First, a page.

b. Should states limit charter schools to certain geographic areas, such as urban communities or those with a high concentration of low-performing traditional public schools?
c. Should states allow for-profit companies to manage the operation of charter schools?
2. Should states set any limits on charter schools’ open-enrollment policies?
a. Should states mandate that charter schools serve a minimum percentage of special education students, English language learners, or other subgroups?
b. Should states require charters to “backfill” when students leave mid-year?
3. What policies should states adopt around charter school authorizing?
a. Which entities should be allowed to authorize charters?
b. Should states regulate the minimum or maximum length of a charter contract?
c. Should charter authorizers be held accountable? How so?
d. Should states adopt automatic closure policies for chronically low-performing charter schools?
4. How should states fund charter schools?
a. How much funding should charter schools receive?
b. Should states provide charter facilities funding?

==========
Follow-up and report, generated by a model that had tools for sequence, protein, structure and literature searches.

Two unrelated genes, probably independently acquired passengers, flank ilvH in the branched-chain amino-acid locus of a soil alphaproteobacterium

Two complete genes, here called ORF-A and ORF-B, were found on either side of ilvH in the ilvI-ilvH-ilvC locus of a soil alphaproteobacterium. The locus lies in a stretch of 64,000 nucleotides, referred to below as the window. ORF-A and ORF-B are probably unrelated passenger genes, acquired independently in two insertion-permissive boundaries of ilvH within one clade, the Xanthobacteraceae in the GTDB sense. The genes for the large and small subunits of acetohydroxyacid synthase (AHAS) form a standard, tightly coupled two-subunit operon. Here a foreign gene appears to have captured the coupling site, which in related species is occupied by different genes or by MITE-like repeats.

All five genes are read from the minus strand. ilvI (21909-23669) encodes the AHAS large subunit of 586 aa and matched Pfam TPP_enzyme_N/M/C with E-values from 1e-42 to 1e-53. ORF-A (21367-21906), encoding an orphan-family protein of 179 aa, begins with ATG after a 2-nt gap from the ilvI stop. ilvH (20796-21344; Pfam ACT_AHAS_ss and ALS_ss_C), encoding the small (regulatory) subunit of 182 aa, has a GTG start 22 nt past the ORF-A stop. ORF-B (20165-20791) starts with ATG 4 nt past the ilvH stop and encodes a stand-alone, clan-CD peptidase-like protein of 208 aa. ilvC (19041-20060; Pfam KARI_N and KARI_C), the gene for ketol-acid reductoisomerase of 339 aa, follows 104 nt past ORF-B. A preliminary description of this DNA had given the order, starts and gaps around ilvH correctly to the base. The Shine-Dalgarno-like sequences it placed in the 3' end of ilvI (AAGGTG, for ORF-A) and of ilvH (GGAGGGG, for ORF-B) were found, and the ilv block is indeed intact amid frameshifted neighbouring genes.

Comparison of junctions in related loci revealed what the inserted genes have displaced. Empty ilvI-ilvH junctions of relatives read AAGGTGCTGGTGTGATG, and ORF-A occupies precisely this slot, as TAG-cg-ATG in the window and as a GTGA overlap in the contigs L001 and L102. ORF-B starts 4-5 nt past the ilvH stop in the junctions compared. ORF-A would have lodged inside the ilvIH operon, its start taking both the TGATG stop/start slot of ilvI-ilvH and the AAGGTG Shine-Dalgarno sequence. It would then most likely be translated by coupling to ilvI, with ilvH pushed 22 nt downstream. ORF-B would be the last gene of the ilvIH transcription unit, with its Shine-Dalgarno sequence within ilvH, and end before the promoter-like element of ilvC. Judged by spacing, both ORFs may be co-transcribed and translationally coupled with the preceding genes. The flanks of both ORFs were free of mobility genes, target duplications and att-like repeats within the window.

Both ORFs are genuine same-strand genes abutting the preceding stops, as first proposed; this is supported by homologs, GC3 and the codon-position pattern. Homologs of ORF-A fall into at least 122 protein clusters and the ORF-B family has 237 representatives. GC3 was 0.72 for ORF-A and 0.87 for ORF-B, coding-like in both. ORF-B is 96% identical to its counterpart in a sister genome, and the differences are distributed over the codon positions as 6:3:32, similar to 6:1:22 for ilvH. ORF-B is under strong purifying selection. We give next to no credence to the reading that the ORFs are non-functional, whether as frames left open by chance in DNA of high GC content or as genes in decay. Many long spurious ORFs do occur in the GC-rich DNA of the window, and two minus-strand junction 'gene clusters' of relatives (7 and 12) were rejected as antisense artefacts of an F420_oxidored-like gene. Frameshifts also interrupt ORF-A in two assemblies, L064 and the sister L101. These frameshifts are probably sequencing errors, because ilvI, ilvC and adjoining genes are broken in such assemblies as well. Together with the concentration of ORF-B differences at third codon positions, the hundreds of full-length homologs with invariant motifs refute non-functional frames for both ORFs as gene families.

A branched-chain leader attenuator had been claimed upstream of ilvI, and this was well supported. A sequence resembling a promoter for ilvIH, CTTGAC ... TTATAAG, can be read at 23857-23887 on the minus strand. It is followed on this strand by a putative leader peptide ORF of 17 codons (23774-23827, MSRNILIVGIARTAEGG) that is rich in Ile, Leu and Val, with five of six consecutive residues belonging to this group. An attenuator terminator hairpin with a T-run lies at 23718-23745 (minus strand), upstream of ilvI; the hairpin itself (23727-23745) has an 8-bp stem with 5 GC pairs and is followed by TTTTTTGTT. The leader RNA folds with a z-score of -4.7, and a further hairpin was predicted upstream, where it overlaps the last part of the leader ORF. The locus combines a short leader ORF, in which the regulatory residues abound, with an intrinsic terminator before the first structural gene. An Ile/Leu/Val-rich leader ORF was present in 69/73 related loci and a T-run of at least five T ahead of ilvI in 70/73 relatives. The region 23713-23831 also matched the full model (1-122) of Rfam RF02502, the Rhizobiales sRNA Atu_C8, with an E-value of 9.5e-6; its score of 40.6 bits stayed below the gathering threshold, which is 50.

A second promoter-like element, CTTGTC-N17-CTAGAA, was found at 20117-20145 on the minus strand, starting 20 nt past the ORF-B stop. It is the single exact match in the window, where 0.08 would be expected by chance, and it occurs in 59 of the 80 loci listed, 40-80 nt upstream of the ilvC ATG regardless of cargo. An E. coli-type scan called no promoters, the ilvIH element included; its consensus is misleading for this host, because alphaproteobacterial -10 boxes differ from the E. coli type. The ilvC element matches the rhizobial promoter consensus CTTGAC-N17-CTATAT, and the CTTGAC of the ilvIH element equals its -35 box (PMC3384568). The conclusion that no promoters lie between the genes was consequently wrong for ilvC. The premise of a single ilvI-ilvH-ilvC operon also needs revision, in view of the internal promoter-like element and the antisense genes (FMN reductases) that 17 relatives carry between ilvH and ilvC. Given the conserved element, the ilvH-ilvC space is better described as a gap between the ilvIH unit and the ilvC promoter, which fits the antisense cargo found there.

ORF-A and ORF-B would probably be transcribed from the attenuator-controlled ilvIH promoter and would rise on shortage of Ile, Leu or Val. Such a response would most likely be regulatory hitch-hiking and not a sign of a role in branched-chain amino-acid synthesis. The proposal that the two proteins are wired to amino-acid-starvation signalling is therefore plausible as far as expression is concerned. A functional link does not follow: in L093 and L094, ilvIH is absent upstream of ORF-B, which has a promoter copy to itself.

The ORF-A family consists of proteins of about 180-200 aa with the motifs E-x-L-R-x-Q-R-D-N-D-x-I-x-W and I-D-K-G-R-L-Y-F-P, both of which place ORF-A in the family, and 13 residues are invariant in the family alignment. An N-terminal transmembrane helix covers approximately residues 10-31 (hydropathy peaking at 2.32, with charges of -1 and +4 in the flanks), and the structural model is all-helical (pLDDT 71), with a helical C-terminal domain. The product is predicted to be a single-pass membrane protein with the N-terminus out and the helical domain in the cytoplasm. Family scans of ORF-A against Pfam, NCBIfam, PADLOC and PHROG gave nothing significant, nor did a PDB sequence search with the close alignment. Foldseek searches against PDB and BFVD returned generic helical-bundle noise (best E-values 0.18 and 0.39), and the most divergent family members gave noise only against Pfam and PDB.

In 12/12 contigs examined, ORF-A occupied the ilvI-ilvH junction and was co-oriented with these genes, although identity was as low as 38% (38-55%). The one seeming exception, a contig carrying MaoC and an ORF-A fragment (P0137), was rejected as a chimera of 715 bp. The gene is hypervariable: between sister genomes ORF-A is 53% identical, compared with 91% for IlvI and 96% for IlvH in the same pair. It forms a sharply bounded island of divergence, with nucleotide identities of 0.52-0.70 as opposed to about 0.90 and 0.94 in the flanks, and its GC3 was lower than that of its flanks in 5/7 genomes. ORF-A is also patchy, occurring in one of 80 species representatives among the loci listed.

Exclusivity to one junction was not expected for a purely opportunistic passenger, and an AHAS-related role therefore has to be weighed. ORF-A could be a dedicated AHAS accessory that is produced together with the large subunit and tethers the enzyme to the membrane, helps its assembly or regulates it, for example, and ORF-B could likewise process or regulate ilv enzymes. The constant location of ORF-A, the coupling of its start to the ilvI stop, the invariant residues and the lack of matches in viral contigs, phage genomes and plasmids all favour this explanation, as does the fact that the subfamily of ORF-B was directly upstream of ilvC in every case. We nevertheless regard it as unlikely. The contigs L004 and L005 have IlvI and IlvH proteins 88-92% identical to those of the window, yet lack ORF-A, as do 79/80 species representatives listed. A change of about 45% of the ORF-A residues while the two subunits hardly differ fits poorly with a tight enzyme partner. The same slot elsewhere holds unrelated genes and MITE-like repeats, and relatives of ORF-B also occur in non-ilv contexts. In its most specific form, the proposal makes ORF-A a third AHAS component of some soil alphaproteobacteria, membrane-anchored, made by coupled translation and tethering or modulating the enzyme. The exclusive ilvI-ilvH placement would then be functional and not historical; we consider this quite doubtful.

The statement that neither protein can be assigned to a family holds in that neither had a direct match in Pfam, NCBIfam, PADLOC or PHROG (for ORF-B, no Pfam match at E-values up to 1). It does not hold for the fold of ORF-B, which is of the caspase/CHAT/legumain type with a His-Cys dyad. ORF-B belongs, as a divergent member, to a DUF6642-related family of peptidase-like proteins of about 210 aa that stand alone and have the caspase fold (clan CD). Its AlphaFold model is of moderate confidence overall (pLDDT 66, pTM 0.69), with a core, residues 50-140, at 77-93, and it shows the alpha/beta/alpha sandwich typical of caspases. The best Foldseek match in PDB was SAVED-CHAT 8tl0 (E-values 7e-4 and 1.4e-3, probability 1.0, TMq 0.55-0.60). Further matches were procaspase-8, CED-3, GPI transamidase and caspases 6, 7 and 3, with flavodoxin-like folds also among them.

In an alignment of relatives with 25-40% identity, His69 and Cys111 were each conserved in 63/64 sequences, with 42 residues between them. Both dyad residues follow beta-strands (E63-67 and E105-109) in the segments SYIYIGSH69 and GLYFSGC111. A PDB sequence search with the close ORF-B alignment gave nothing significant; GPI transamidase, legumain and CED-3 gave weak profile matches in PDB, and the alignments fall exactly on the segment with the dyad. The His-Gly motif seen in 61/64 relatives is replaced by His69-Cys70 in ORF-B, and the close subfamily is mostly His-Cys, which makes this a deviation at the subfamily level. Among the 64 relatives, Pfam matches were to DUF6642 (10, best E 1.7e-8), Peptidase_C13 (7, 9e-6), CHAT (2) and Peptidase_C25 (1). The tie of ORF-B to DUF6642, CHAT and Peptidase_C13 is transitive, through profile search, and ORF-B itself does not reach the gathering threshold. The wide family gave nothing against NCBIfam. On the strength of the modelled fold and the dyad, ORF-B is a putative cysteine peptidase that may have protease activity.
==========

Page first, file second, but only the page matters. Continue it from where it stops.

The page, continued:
c. Should districts losing students to charters receive a share of the associated funding for a phase-out period?
5. Should states set any regulations on charter school teachers?
a. Should charter teachers be required to be licensed?
b. Should charter teachers be required to participate in the state pension system, prohibited from participating, or given a choice?
6. Should states allow online charter schools to open?
Note what isn’t even mentioned here: the basic question about whether charter schools “work.” For lawmakers who want to write a charter school law, that question is already answered. What they want to know is how to make their state’s charter sector work as well as possible—how to write a law in such a way that many high-quality schools will result.
I wondered if there was extant research that could answer these questions, so I turned to an excellent resource, a chapter on charter schools in the Handbook of the Economics of Education by Dennis Epple, Richard Romano, and Ron Zimmer. This is a remarkable document, covering in extensive detail the design and results of dozens of charter school studies from recent years. That topic has been examined every which way from Sunday. Yet I struggled to find answers to the policy design questions that policymakers actually face. I learned plenty about whether charter schools outperform district schools, and in which conditions, and whether competitive effects from charter schools can improve the traditional public school system. There is also a wealth of information available on the demographics of charter schools and whether they are representative of their neighborhoods.